Chamonix and its surrounding ski areas are some of the most emblematic names in winter sports, attracting thousands of advanced-level skiers, snowboarders and ski-mountaineers from all over the world each season.
Chamonix isn't your average ski resort. This historic valley town at the foot of Western Europe's highest peak, Mont Blanc, is the birthplace of modern mountaineering and is now a year-round tourist destination in its own right, buzzing with sightseers and commerce and surrounded by some of the most majestic mountain scenery in the Alps.
Ever since Jacques Balmat and Michel Paccard made the first successful ascent of Mont Blanc in the summer of 1786, Chamonix has been a Mecca for serious Alpinists and mountain tourists alike; it is also regarded with reverence by the world's best big-mountain skiers and riders who come here to tackle the area's huge vertical descents and extreme off-piste terrain. Likewise, masses of aspiring advanced skiers and snowboarders are drawn to Chamonix each season, intent on ticking off one of the most hyped high-mountain off-piste routes in the Alps: the Vallée Blanche.
You don’t have to be an expert to enjoy Chamonix though, there are other more conventional ski areas in the Chamonix Valley, five in total, although only the linked Le Brevent and La Flegere areas are directly accessible by ski lift from Chamonix itself; the others are all separate and situated some distance away from the town, but served by bus and/or train links. These can get very crowded however! The town also has a well-deserved reputation for lively nightlife.
All snowsports enthusiasts should plan a pilgrimage to Chamonix to experience the magic of the Mont Blanc massif at least once.
From a snowsports perspective, Chamonix is best known for its outstanding off-piste terrain and for being the defacto capital of European big-mountain freeriding.
The Aiguille du Midi is the area's iconic lift-served highpoint, directly accessible from Chamonix town via the world's highest vertical-ascent cable car, and is the starting point for the well-documented and much-hyped Vallée Blanche descent; the astounding summit terminal on the Aiguille du Midi is a must-see viewpoint for most visitors to Chamonix, and is also the link point for the lift connection with the Italian ski resort of Courmayeur. The ski routes off the Aiguille du Midi are accessed via a catwalk along an exposed arete, are totally off-piste, and shouldn't be attempted without a guide.
The Grands Montets ski area at the resort village of Argentiere, 8 km up the valley road from Chamonix, is the other principal playground for serious freeriders and fans of steep-&-deep terrain. Beyond Argentiere, at the village of Le Tour at the head of the Chamonix Valley, is the more conventional La Balme ski area, which offers the most suitable slopes for novices and intermediates.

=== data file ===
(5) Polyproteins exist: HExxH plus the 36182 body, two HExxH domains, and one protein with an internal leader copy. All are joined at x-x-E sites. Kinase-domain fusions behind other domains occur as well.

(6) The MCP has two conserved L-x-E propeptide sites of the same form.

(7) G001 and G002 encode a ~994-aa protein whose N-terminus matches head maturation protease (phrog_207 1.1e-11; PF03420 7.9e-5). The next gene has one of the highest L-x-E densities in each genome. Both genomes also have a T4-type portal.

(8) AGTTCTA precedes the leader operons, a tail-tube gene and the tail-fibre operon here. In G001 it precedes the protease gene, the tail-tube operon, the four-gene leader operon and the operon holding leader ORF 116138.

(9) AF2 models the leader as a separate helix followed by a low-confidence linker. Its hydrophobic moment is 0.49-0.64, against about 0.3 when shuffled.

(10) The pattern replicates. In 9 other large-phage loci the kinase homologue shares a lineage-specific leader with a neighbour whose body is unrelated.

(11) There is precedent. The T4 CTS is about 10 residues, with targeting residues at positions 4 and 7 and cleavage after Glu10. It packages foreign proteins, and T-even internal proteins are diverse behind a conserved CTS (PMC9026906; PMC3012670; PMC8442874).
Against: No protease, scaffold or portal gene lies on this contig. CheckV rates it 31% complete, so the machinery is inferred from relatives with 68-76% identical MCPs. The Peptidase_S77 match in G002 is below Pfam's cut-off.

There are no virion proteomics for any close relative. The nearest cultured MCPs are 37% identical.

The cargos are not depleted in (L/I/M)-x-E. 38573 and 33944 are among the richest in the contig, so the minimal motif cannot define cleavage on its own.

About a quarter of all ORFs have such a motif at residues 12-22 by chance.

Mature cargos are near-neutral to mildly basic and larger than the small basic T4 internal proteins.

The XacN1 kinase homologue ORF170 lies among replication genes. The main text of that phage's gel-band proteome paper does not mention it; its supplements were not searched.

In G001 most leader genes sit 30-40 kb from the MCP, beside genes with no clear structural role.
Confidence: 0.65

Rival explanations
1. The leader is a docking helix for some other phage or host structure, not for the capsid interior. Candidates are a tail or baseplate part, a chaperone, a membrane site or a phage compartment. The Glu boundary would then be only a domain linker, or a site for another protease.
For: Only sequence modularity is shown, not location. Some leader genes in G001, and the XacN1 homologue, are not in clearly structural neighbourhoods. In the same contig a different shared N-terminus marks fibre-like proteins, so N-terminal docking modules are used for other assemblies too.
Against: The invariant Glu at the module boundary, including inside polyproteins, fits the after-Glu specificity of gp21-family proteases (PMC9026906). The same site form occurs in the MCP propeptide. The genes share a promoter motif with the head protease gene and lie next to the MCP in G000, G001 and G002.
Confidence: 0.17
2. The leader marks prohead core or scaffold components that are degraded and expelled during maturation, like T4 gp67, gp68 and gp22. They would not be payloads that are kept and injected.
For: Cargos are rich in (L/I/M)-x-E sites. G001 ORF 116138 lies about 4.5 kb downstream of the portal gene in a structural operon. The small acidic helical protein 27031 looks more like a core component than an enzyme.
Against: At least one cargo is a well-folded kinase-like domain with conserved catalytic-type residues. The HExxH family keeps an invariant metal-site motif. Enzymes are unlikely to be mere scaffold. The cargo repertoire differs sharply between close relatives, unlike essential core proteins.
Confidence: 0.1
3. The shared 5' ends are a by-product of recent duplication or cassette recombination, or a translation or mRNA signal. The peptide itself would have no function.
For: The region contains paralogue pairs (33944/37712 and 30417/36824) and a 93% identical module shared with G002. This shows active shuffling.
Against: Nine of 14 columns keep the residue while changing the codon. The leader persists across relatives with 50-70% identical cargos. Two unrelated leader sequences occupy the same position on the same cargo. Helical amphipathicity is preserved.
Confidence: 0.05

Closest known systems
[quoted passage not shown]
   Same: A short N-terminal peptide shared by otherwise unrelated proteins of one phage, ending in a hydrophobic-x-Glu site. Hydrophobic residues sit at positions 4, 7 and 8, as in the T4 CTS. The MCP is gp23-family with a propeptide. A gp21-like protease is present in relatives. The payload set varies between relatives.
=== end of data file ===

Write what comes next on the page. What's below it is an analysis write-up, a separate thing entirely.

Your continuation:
Chamonix's own local pisted ski slopes are found on the lift-linked Le Brevent and La Flegere ski areas, directly accessible by gondola from Chamonix (for Le Brevent), and by cable car from the neighbouring village of Les Praz (for La Flegere). These twinned areas offer a good range of intermediate-level cruising pistes and some excellent inter-piste freeriding terrain, but the only home-runs to Chamonix are steep black runs (alternatively, download by lift).
A further major ski area is located at Les Houches, 6 km down the valley from Chamonix; the pleasant wooded slopes at Les Houches are popular on days when visibility is poor higher in the valley, but this fairly extensive ski area is generally much less busy than Chamonix's other more adrenaline-stoking sites.
Off the slopes and apres ski
The attractive and atmospheric town centre of Chamonix is a pleasant place for a stroll and has a good selection of shops plus a wide range of good restaurants, cafés, and bars. The town has good local bus and rail connections; quick and easy bus links with the Italian resort of Courmayeur are possible thanks to the nearby Mont Blanc Tunnel.
Chamonix's sports facilities include a public swimming pool, ice rink, and tenpin bowling alley. As well as the serious mountaineering challenges offered in this region, other more tourist-friendly activities include ice-circuit driving, paragliding, dog-sledding, snowshoe trekking, snowmobiling, and tobogganing.
The appeal of Chamonix to the 'climb hard, ski hard, play hard' fraternity is further supported by its very lively apres-ski scene and buzzing nightlife; the town has numerous bars and pubs, many of which feature live music and entertainment, as well as a number of nightclubs, plus a casino and a 'gentlemen's club'.
The key apres-ski spots for happy-hour shenanigans and live music are Chambre 9, Monkey Bar, South Bar and MBC, the latter of which features its own in-house micro-brewery. All of the most popular bars and lounges keep rocking until well after midnight, diehard party animals then move on to the town's nightclubs - Amnesia is the largest, White Hub is arguably the hippest.